Adobe Inc. has said it plans to introduce new AI features into its video editing software used by the film and television industries.
AI incorporation into products has been a regular phenomenon this year, especially encouraged by OpenAI’s ChatGPT. Since its launch last November, almost every company in the tech industry has tried to find ways to embrace AI.
Adobe has become the latest to integrate the generative AI tool into its software to assist editors in changing lighting shots.
Looking at the my archives and I think that 3 lost episodes of interviews can be saved with Adobe AI Audio Enhancer…
— Roberto Blake 🇺🇸🇵🇦 Creative Entrepreneur (@robertoblake) April 17, 2023
Video editors will soon be able to utilize new generative AI tools from Adobe, allowing them to make changes such as transforming midday lighting into a sunset scene or generating background music through a few typed words.
These tools will expand upon Adobe’s recently introduced system called Adobe Firefly, which enables the generation of still images and text.
Despite Adobe’s foray into the world of generative AI, concerns have arisen regarding the use of AI systems for commercial work.
Legal uncertainties surfaced after Getty Images sued Stability AI, claiming the startup misused copyrighted images for its AI training. As a result, questions linger over whether the output of such AI systems can be used in commercial settings.
Adobe makes a promise
Being one of the major software providers for editors and video artists, Adobe has made assurances that the output from its Firefly system will be legally sound for commercial use.
Despite legal concerns surrounding the use of AI systems for commercial work, Adobe has promised that its customers can rely on the safety of the output from its generative AI technology.
“With a single button, we can generate 1,000 versions of the same video that are localized,” said Ivo Manolov, Adobe vice president digital and video audio enterprise offerings.
Adobe is currently conducting tests on the generative AI system and intends to launch the video tools later this year.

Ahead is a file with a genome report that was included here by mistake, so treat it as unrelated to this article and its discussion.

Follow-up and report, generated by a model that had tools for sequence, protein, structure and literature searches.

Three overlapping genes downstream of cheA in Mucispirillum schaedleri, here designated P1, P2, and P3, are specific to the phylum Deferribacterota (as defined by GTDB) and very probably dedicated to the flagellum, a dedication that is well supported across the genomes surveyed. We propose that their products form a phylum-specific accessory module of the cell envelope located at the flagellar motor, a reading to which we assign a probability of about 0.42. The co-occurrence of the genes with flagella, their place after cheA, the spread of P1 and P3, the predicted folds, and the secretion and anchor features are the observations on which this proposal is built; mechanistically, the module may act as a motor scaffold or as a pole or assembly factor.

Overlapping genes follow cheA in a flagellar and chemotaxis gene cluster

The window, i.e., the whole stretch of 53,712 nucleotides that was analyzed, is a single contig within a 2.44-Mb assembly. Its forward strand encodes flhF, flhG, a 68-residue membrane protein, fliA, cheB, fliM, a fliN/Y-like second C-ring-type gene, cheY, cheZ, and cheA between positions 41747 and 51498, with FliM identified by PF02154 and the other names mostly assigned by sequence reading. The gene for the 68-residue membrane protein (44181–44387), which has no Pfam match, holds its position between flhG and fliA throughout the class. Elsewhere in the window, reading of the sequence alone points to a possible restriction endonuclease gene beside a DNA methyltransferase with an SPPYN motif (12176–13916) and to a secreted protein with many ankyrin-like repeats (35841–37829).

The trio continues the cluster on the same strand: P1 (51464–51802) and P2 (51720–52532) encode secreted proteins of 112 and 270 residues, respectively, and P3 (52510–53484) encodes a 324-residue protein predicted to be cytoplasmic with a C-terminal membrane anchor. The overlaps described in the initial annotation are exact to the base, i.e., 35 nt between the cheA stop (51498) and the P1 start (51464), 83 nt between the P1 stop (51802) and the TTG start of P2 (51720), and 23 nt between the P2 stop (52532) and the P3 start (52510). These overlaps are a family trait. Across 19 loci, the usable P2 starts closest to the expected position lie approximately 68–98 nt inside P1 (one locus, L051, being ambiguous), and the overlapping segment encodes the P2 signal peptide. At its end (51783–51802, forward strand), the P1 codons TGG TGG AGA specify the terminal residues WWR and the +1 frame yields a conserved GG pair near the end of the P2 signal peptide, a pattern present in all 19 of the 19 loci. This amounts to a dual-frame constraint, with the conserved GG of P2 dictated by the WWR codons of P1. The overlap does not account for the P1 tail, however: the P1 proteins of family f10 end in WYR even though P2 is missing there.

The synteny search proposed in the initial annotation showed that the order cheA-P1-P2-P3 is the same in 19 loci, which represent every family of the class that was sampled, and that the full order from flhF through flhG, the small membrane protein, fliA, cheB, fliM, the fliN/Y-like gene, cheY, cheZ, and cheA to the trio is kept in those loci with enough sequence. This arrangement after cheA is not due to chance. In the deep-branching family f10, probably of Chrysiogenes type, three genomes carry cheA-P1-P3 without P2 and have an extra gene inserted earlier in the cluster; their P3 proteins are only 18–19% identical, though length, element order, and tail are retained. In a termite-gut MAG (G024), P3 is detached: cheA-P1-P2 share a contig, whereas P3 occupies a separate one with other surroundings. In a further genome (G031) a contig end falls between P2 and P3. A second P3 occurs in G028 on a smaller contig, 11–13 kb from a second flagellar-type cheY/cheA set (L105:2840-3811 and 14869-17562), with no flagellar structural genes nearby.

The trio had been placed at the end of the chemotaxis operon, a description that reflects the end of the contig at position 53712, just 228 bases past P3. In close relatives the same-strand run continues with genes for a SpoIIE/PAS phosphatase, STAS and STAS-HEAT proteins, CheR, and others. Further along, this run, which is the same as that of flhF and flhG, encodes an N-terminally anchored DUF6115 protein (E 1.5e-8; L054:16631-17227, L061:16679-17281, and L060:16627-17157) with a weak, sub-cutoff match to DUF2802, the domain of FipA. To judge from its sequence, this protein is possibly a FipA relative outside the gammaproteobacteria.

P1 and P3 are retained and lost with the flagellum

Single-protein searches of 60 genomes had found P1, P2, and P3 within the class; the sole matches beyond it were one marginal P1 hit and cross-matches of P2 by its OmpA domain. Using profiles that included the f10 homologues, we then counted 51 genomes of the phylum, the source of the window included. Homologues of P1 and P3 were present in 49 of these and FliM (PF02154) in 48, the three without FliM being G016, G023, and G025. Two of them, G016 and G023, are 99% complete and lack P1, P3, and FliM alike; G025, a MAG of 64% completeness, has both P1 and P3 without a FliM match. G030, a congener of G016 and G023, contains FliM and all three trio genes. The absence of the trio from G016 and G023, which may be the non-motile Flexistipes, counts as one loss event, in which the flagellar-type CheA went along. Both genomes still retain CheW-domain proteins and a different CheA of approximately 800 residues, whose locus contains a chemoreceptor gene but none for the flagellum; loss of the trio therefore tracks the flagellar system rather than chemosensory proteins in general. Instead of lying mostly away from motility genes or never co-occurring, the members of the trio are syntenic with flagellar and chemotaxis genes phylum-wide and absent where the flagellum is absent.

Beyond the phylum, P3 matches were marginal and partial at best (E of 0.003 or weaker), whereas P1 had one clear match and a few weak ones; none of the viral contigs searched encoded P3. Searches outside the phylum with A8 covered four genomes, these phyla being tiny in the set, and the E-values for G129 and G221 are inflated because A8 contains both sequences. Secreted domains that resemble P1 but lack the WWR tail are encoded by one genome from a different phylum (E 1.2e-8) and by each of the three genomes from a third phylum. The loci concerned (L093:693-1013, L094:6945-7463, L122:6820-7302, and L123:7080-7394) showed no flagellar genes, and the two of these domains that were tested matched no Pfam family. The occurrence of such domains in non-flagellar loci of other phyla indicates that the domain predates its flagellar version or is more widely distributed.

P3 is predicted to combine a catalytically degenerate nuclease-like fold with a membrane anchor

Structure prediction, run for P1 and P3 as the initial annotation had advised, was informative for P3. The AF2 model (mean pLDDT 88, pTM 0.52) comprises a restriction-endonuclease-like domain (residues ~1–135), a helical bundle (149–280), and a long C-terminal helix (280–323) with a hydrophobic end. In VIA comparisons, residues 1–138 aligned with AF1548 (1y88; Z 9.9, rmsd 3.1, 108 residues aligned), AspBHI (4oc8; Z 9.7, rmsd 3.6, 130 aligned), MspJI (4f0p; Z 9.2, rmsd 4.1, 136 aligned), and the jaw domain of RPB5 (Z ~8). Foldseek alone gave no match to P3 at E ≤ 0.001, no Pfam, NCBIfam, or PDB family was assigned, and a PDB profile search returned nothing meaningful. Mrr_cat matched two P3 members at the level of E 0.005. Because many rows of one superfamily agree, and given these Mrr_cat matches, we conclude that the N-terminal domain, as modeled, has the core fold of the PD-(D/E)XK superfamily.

The upcoming Adobe video tools will allow users to input a script and generate a storyboard for the finished product, with the system even suggesting shots for a rough cut of the story.
Additionally, it will feature capabilities tailored for the advertising industry, such as the ability to produce various background music and scenery for showcasing an advertisement in different countries.
AI to enhance or replace the creator?
The announcement of Adobe’s upcoming AI video tools has garnered mixed reactions from the public.
Some express excitement for the potential to transform pipelines, while others caution about the implications of AI’s ability to enhance or even replace human creativity.
As one Redditor warns, “A company that powerful doesn’t even need to be working on it to devour your niche.”
The Redditor further emphasizes the impact that Adobe’s upcoming video tools could have on ML-related startups.
These startups should “move fast and release early,” as Adobe’s theoretical product demo has already captured the attention of potential investors, the Redditor advises.
“AI should be used as a tool to enhance, not replace, creators, like what Adobe is doing with Firefly!” wrote YouTuber Liron Segev.
Adobe even takes it a step further with a "Make Previz" button and tbh this is where my credulity is strained.
I don't know if there's gAI tools that generate 3D models, or if this is implying it's placing an existing set of models based on storyboards or what pic.twitter.com/JLdD3SaZYp
— Eric Ravenscraft (@LordRavenscraft) April 17, 2023
According to Eric Ravenscraft, Product Writer and Reviewer at WIRED, “If tools like this could analyze my footage, get a rough, accurate guess of what’s in shots, and then I could search for shots by word? (and especially by voiceover?) cool!”
However, Ravenscraft also expresses concern about the ethical implications of the tech, asking, “What data were the images in these tools generated from? Were they stolen? or ‘used legally’ in that weird way Adobe defines?”